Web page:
Above Ground logo
Bringing Responsibility Home

A symposium on business, human rights and the role of home states

Canadian and international leaders from government, business, academia, the legal profession and civil society gathered in Ottawa on September 28, 2017 for the Bringing Responsibility Home symposium, to examine the role of home states in addressing the human rights challenges associated with transnational business.

The symposium, presented by Above Ground and the International Corporate Accountability Roundtable, attracted nearly 150 participants. They explored ground-breaking international developments relating to business and human rights, and opportunities for Canada to emerge as a leader in this rapidly evolving field.

Panelists and roundtable participants delved into topics such as

  • how courts in Canada are handling claims of Canadian corporate abuse overseas;
  • the use of criminal law to prosecute human rights crimes by corporate actors; and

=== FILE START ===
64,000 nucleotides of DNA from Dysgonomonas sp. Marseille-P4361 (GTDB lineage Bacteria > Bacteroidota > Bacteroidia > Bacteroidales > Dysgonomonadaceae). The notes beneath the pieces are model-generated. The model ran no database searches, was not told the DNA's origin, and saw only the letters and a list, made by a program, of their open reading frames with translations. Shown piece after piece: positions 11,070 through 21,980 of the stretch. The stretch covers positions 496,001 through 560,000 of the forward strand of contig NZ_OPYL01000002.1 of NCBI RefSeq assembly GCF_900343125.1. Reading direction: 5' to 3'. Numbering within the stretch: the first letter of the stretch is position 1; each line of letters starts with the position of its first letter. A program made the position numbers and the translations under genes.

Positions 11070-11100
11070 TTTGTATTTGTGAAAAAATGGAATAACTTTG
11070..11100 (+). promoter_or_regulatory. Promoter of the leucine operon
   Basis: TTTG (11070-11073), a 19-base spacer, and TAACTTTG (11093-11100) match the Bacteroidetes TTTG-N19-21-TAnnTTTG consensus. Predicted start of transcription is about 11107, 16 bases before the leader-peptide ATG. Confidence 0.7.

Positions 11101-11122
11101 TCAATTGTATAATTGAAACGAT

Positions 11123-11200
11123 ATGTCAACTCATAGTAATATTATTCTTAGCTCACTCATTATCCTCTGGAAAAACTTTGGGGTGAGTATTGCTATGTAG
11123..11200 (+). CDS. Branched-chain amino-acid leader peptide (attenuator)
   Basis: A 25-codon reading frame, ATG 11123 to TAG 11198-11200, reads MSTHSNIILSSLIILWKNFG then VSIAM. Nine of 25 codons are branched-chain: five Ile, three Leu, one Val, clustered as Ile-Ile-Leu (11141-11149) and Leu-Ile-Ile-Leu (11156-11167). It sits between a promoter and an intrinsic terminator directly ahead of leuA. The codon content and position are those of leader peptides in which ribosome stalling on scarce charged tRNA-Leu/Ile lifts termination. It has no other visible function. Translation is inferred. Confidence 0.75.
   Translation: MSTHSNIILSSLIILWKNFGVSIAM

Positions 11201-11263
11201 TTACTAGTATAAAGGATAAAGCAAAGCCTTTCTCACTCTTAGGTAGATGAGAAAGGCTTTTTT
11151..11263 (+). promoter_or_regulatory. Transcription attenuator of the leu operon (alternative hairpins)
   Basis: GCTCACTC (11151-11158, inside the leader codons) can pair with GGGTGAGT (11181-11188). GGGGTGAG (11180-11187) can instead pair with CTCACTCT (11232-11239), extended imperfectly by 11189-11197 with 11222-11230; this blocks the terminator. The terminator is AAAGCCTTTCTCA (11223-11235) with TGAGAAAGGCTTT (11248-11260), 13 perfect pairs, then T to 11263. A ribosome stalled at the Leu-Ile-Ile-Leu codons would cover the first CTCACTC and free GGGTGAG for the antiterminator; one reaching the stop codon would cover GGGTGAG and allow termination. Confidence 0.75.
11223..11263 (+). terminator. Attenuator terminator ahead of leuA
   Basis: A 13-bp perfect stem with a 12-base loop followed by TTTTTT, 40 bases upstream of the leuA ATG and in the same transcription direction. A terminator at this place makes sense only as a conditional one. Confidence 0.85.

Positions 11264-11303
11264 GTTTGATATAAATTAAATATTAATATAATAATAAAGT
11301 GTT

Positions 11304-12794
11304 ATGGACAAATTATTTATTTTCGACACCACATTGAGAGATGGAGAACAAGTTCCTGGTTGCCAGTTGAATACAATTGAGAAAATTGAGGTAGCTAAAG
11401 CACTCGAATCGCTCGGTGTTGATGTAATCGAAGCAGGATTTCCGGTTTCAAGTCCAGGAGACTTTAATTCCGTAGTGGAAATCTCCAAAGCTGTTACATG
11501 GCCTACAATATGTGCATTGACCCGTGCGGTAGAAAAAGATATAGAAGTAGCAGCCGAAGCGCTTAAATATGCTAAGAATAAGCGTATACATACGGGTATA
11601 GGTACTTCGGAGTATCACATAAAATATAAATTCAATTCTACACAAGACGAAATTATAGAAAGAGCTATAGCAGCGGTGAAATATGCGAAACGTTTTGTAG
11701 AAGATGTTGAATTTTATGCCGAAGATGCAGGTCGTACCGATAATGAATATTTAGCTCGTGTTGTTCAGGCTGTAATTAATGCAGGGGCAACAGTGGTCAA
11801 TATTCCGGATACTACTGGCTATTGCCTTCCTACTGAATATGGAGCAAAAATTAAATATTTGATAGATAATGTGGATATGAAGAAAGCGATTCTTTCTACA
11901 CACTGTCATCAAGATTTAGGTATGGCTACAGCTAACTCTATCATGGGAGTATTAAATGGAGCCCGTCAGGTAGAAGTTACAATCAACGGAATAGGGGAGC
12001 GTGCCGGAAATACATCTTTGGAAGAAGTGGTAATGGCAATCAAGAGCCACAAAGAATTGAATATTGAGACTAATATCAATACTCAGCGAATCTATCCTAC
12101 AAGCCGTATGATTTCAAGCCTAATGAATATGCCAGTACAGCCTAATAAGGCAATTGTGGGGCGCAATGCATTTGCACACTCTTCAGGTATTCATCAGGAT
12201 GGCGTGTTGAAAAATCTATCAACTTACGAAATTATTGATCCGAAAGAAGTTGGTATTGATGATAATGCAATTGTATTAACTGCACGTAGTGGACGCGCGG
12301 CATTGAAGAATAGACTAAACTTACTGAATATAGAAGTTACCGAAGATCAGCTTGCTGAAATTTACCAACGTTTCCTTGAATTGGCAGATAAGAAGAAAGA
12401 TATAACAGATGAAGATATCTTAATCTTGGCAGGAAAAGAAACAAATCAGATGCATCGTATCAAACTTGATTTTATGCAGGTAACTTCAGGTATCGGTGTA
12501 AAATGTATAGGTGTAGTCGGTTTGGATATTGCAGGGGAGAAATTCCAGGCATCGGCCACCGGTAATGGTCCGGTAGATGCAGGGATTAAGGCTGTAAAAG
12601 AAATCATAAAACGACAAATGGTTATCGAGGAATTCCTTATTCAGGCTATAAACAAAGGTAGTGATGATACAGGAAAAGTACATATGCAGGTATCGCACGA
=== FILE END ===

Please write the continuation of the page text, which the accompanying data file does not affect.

• a shift underway in Europe towards laws establishing civil liability for parent companies that fail to take reasonable steps to prevent human rights and environmental harms in their global operations and supply chains.

For a more detailed overview of the discussions and highlights of comments made by participants, see this article published following the symposium.

The event was co-hosted by members of parliament Dean Allison (Conservative Party), Gary Anandasangaree (Liberal Party), Cheryl Hardcastle (New Democratic Party) and Elizabeth May (Green Party), and senators Raynell Andreychuk (Conservative Party) and Marilou McPhedran (Independent Senators Group).

See the full list of speakers and hosts, and their biographies, here.


In English  |  En français

Symposium presenters, plus one of the MPs who co-hosted the event

Pictured above are the symposium presenters, alongside one of the MPs who co-hosted the event. See more photos here.

“What message do we want to send to victims of severe corporate-related abuse in host countries where no reasonable person can claim that justice will be provided?”
- John Ruggie, former UN Special Representative for business and human rights, in keynote speech